Power of Connection
All of us need other people in order to be well and thrive. We feel better just being around other people. And we need close relationships in order to be happy. Being a caregiver of aging adults or ill loved ones is an overwhelming and weighty responsibility. That’s why the power of connection with other caregivers is so important. It’s at the root of what we offer here at Leeza’s Care Connection.
Our centers offer various caregiver support programs on a weekly and monthly basis. Our free support groups provide a gathering place for caregivers to share their sorrows and problems, their joys and successes, find solutions and share resources. They serve as a kind of group therapy to help relieve caregiver role strain in a safe and nurturing environment.
A caregiver support group is a great way to share your troubles and find people who are going through the same experiences that you are living each day. If you can’t leave the house, many Internet groups are also available.
In most support groups, you’ll talk about your problems and listen to others talk; you’ll not only get help, but you’ll also be able to help others. Most important, you’ll find out that you’re not alone. You’ll feel better knowing that other people are in the same situation, and their knowledge can be invaluable, especially if they’re caring for someone with the same illness as you are.
Why Join a Support Group?
The advantages of joining a support group are limitless. Some of the best reasons to join include:
• Sharing common experiences and learning coping strategies
• Exploring and sharing solutions to problems
• Finding emotional outlets and receiving support from peers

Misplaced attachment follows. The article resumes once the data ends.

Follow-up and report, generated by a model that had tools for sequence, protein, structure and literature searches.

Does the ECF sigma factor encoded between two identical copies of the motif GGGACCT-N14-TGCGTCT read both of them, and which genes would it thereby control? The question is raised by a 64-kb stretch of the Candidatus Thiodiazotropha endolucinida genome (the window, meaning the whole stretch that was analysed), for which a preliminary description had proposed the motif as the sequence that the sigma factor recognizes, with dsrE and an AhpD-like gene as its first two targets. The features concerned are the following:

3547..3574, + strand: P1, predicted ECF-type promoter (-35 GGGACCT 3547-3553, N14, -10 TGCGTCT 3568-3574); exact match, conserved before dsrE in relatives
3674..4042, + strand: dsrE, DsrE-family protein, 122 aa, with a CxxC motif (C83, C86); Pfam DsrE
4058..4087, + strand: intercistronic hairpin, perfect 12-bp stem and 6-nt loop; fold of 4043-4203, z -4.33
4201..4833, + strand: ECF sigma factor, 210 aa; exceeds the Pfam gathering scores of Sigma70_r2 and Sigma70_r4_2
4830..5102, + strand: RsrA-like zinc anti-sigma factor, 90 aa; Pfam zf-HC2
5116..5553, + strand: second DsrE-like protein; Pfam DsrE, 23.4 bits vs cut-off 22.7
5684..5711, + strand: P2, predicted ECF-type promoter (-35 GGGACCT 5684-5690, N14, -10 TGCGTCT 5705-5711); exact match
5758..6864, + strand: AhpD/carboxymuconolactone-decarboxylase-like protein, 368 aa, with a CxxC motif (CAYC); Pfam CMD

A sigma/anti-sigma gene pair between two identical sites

• Forming new friendships and discovering a sense of community
• Developing new skills through education
• Helping others while still helping yourself
The benefits of making connections with other people are bountiful. Here are just a few:
Belonging to a group or community gives us a sense of identity. It helps us understand who we are and feel part of something larger than ourselves. Friends and family can also encourage and support us in healthy lifestyle habits, such as exercise and moderation.
Researchers have found that people are happier when they are with other people than when they are alone—and the “boost” is the same for introverts and extroverts. They also are finding that happy people are more pleasant, helpful, and sociable. So being around people makes us feel happier, and when we are happier we are more fun to be around, creating an “upward spiral” of happiness.
Happiness may be surprisingly contagious. Studies show that happiness benefits other people through three degrees of connection, and that the effects last for a year.
The positive effects from connecting with others are lasting. We are more likely to continue to want our close relationships, even after we attain them, and to continue to derive positive emotions from them.